Toxocariosis is a neglected zoonotic infection caused by the nematodes Toxocara canis or Toxocara cati. The distribution of the disease is worldwide and mainly affects dogs and cats, and its larval stage can cause human infection with serious repercussions on the health of its hosts. The infection causes a delay in the development, digestive disorders, nonspecific nervous manifestations, and occasionally death of some puppies and kittens associated with hyperparasitosis. In humans, the infection produces clinical syndromes known as visceral larva migrans (VLM), ocular larva migrans (OLM), neurotoxocariosis and covert toxocariosis. The close contact of people with their pets and the environmental conditions that favor the transmission of this diseased place it within the context of one health. The One Health concept is defined as the collaborative efforts of multiple disciplines (medical personnel, veterinarians, researchers, etc.) that work locally, nationally, and globally to achieve optimal health for people, animals, and the environment, from this perspective, toxocariosis is a study model in which classic and recent knowledge of the medical and veterinary area must be combined for its full understanding, with a goal of establishing integrative criteria for its treatment, control, and prevention.
- one health
- visceral larva migrans
- ocular larva migrans
Toxocariosis is a neglected zoonotic disease transmitted from dogs and cats to humans. This is mainly caused by the presence and action of the nematode
2. Biological cycle
In puppies, L3 migrate via blood or lymph to the liver, where they remain for 1 to 2 days. Subsequently, they migrate through blood, pass through the lumen of the atrium and right ventricle of the heart and via the pulmonary artery, reach the lungs, and cross the capillaries to reach the alveoli. The larvae migrate through the lumen of the bronchioles, bronchi, trachea, larynx, and pharynx (tracheal migration), where they are swallowed; during this tracheal migration, the larvae molt to L4. The larvae remain in the stomach for some time (up to Day 10 postinfection), return to the duodenum, and molt to L5 or preadult to finally become adults (19–27 days post-infection). The prepatent period is 4–5 weeks .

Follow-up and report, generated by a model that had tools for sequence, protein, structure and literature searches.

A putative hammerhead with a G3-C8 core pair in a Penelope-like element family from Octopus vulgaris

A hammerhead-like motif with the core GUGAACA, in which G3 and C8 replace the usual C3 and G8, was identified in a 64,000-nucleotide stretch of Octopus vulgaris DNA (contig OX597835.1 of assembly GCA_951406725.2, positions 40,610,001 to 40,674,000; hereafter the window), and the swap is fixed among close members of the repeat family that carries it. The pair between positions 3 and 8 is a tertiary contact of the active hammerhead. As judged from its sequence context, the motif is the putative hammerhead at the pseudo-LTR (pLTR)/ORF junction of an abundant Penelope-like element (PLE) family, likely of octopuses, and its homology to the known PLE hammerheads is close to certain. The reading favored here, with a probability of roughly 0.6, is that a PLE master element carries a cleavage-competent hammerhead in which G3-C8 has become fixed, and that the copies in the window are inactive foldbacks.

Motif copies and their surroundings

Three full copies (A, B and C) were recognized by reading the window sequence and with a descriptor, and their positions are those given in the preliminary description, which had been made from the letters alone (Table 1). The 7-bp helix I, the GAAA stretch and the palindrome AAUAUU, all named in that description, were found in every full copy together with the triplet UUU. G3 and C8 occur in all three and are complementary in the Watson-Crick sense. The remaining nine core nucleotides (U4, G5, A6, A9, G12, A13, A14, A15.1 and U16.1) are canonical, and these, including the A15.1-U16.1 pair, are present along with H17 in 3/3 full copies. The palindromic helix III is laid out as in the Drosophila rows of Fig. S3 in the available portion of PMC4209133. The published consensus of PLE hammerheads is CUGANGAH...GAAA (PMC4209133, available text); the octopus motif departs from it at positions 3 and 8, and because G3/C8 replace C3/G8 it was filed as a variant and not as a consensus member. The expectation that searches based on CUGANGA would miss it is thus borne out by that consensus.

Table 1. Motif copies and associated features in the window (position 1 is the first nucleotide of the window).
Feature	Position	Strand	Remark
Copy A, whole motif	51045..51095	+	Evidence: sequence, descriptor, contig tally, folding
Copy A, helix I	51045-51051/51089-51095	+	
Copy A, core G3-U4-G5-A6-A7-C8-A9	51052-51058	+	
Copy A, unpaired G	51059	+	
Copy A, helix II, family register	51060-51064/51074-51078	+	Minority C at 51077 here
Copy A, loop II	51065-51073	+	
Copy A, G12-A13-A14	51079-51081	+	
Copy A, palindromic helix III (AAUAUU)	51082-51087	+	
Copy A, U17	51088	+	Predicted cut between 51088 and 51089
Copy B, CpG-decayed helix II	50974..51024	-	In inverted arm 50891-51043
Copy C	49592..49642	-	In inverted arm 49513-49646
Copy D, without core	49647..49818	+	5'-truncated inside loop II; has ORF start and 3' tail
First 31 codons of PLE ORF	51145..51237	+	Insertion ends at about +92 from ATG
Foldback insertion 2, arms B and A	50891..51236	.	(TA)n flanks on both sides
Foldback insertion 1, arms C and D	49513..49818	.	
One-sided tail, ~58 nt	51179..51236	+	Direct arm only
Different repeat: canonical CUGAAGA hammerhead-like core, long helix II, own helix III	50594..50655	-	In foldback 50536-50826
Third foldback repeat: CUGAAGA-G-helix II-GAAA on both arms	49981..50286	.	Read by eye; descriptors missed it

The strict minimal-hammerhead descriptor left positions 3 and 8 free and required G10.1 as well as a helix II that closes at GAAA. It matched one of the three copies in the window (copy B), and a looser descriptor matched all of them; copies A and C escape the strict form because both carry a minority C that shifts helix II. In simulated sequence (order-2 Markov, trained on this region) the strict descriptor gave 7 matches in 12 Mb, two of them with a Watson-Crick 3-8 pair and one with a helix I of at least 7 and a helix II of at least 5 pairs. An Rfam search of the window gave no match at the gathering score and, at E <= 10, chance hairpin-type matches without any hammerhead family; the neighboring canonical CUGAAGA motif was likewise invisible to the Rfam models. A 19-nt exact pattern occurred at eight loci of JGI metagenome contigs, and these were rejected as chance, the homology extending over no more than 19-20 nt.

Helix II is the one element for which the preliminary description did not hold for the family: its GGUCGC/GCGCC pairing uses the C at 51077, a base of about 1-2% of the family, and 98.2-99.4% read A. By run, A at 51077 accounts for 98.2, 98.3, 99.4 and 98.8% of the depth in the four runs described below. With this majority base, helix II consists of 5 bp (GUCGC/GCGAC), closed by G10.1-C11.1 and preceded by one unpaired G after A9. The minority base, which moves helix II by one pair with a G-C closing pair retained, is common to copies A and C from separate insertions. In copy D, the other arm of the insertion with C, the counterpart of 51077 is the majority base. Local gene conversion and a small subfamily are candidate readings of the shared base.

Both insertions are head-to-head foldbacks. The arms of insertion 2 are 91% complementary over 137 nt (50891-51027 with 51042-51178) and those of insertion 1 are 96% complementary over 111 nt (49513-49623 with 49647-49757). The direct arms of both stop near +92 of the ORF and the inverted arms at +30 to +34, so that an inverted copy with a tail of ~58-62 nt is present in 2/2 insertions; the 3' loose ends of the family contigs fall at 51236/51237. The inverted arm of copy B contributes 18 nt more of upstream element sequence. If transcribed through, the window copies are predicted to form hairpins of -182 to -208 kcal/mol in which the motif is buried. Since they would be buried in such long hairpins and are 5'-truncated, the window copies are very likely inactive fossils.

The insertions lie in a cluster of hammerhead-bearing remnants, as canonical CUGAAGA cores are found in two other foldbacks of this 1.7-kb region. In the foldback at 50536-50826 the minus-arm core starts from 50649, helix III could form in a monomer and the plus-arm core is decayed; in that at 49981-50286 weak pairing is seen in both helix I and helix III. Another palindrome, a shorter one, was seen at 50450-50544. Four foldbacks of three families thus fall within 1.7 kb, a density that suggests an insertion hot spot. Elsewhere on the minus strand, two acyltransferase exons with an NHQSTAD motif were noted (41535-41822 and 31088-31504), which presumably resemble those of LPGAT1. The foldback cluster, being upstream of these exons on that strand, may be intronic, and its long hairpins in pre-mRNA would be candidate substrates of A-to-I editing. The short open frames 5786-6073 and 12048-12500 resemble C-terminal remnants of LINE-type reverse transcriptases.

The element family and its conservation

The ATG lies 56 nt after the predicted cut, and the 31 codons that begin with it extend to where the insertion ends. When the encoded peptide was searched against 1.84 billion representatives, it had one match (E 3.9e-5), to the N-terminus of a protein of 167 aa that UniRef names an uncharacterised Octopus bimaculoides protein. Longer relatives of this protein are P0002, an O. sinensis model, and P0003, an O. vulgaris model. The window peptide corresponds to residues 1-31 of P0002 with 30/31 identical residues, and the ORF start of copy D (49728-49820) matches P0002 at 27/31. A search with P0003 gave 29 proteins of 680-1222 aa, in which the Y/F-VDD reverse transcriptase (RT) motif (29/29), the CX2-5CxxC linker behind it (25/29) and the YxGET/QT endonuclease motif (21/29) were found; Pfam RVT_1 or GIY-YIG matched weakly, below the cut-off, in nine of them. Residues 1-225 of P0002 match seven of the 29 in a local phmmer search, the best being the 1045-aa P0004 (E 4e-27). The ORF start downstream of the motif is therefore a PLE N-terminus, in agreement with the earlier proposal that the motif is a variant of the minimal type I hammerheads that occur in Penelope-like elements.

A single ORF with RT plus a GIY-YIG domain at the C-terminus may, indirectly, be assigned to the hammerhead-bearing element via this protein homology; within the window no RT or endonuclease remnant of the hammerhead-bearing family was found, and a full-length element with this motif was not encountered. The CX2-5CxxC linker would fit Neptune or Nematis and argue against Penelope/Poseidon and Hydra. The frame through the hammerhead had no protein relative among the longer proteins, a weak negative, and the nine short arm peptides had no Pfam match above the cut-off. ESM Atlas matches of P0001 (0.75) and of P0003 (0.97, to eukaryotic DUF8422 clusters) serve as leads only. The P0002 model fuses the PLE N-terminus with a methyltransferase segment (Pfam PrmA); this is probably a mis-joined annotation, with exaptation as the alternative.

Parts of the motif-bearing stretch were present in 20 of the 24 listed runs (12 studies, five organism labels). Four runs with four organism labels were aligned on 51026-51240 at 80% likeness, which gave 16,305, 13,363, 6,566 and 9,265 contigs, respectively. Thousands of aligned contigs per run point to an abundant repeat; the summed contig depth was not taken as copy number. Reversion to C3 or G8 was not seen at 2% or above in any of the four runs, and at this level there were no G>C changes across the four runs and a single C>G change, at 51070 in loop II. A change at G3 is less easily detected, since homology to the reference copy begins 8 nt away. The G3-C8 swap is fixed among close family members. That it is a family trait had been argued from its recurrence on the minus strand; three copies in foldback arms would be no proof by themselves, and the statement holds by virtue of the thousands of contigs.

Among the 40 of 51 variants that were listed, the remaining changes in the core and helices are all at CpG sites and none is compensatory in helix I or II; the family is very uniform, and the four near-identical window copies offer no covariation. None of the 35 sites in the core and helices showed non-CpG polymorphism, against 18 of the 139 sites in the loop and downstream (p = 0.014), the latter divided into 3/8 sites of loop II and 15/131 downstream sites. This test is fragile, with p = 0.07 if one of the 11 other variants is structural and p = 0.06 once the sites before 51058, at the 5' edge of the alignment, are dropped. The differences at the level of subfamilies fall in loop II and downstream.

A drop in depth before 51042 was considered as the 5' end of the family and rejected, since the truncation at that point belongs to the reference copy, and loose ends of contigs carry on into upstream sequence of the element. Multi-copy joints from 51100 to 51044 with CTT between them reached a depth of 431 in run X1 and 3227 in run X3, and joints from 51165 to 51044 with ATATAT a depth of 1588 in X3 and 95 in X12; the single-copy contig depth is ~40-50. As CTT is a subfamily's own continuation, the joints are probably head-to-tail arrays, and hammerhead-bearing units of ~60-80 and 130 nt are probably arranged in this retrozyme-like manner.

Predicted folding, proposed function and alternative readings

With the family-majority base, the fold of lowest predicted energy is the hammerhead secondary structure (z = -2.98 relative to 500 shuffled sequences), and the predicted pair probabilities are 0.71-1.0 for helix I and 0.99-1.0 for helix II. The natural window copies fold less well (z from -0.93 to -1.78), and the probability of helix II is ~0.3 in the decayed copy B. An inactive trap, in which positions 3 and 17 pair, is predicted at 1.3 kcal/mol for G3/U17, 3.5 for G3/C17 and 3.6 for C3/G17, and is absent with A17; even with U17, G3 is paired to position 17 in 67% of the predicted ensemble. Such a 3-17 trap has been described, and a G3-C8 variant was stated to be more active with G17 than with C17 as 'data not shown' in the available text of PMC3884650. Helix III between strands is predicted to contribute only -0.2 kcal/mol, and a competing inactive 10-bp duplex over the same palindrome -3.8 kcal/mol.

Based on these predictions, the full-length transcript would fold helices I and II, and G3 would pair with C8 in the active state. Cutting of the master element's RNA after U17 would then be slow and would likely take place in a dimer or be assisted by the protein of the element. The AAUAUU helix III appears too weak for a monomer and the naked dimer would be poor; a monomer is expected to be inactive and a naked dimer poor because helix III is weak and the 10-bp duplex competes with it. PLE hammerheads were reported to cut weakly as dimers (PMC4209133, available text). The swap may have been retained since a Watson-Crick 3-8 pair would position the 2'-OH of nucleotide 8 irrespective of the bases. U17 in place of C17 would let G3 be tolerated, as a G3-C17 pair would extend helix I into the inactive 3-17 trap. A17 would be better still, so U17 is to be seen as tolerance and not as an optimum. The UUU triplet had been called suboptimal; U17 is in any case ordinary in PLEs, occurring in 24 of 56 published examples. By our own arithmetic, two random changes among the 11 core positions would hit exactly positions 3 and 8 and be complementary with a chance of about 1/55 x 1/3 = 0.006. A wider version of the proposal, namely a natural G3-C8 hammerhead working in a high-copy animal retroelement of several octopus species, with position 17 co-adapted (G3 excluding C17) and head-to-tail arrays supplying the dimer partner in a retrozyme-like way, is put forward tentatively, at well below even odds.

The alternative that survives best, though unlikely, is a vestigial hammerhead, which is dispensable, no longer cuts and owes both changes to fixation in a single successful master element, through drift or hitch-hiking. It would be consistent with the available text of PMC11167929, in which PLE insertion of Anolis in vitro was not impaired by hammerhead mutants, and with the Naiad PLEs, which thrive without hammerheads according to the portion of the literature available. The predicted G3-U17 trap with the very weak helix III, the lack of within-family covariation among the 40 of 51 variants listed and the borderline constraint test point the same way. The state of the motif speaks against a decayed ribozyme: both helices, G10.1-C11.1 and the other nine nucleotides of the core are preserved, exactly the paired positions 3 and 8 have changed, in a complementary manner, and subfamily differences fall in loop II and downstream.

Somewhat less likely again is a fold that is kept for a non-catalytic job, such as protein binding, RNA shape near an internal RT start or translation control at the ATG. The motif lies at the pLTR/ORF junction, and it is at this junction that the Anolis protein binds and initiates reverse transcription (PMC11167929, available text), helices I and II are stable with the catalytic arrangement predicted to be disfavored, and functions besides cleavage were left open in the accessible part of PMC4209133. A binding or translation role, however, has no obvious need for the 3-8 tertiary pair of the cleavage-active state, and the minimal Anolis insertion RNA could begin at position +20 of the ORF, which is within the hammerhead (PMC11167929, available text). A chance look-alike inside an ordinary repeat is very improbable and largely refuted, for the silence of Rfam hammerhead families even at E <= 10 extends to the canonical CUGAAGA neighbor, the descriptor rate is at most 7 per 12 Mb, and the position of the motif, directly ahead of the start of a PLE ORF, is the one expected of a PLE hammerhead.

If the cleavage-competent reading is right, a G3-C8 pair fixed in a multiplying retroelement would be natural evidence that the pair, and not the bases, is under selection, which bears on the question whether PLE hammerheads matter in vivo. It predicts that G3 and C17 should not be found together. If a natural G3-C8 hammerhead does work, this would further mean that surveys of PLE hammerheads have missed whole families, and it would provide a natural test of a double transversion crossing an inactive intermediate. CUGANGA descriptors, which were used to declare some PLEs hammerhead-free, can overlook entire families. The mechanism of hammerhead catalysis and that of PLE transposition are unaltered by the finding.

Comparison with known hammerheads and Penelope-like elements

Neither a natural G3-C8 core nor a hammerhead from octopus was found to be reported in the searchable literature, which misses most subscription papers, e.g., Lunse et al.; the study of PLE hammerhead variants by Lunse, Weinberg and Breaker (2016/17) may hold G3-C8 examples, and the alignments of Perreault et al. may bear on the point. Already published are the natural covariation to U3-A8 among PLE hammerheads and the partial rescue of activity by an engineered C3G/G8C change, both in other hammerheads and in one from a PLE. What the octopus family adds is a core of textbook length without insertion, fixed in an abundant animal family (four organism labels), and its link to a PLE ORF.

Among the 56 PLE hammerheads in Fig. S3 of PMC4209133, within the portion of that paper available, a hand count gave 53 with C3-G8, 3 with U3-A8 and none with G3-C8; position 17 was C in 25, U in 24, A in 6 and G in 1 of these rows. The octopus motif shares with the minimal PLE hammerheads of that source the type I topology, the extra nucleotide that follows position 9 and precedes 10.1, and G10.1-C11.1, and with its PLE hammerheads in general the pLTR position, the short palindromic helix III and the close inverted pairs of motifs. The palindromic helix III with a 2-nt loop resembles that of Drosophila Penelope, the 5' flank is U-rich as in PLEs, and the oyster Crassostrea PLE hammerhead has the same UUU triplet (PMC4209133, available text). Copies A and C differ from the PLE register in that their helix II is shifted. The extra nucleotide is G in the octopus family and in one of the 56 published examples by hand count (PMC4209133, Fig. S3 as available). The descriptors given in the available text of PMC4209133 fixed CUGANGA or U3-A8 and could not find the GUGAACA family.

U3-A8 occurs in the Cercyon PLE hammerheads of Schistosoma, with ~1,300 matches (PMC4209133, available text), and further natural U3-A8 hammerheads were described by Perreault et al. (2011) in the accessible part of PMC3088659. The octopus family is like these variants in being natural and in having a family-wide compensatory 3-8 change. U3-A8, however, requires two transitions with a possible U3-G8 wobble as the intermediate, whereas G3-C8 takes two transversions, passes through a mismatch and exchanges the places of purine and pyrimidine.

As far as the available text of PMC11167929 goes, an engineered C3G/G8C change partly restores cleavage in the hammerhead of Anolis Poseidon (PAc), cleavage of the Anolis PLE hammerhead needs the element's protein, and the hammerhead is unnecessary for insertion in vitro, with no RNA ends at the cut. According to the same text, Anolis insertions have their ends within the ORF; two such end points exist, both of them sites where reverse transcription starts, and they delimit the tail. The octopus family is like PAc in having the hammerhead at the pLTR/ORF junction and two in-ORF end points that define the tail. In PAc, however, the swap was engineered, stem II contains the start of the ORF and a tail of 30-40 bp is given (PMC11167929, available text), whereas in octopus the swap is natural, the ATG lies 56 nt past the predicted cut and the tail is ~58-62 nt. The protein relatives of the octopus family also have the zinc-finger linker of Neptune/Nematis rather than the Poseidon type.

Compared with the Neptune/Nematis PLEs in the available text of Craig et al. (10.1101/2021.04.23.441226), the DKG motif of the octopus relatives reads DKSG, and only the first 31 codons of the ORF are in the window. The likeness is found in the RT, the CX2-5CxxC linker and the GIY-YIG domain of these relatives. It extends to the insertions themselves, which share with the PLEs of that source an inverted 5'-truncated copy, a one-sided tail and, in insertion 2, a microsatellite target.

In paratenic hosts and adult dogs, L3 larvae migrate through the blood and are distributed throughout the body, mainly to the striated muscle, liver, lungs, kidneys, and brain, where they remain for years in a state of latency or dormancy as infective somatic larvae (dormant larvae) until they die and calcify.
In pregnant bitches, on approximately Day 20 of gestation, many of their dormant larvae are reactivated by the influence of progesterone. Between Days 43 and 47 of gestation, under the influence of progesterone and prolactin, the larvae cross the placenta and infect the fetuses. The larvae remain in the fetal liver until birth; later, by blood, they migrate to the lungs where they remain during the first week of life, molting to L4 occurs during this stage or later when the larva arrives in the stomach by tracheal migration. By the end of the third week, the larvae molt at L5 and develop rapidly into adult worms. After copulation, the females produce eggs that are passed in the feces of the pups at 15 days of age. In recently delivered bitches, some reactivated larvae arrive by the influence of prolactin on the mammary gland and are excreted in the colostrum and milk to be ingested by the puppies, constituting another important source of infection for the litter. The larvae ingested in this way molt at L4 and L5 in the intestinal lumen, where they develop into adult worms without tracheal migration .
In recently delivered bitches, some larvae may reactivate during gestation migrate to the intestine, molt to L4 and L5 and become adult worms. Bitches can remain up to 60 days passing eggs in feces until the adult worms are eliminated spontaneously. This is one of the ways adult worms can develop in adult dogs .
Dormant larvae in the tissues of paratenic hosts can be reactivated when they are predated. If the predator is another paratenic host, the ingested reactivated larvae undergo a new somatic migration and become dormant in this new host. On the other hand, if the predator is an adult dog, the ingested reactivated larvae molt at L4 and L5 and develop into adult worms in the lumen of the small intestine without further somatic migration. In this way, dogs can spend a short time excreting eggs in the feces until the adult worms are eliminated spontaneously. This is another way that adult worms can develop in adult dogs .
The life cycle of
3.1 Dogs and cats
In a second meta-analysis where data from 2,158,069 cats from 51 countries were included, an overall prevalence of
Transplacental transmission from bitches to their puppies is the most important form of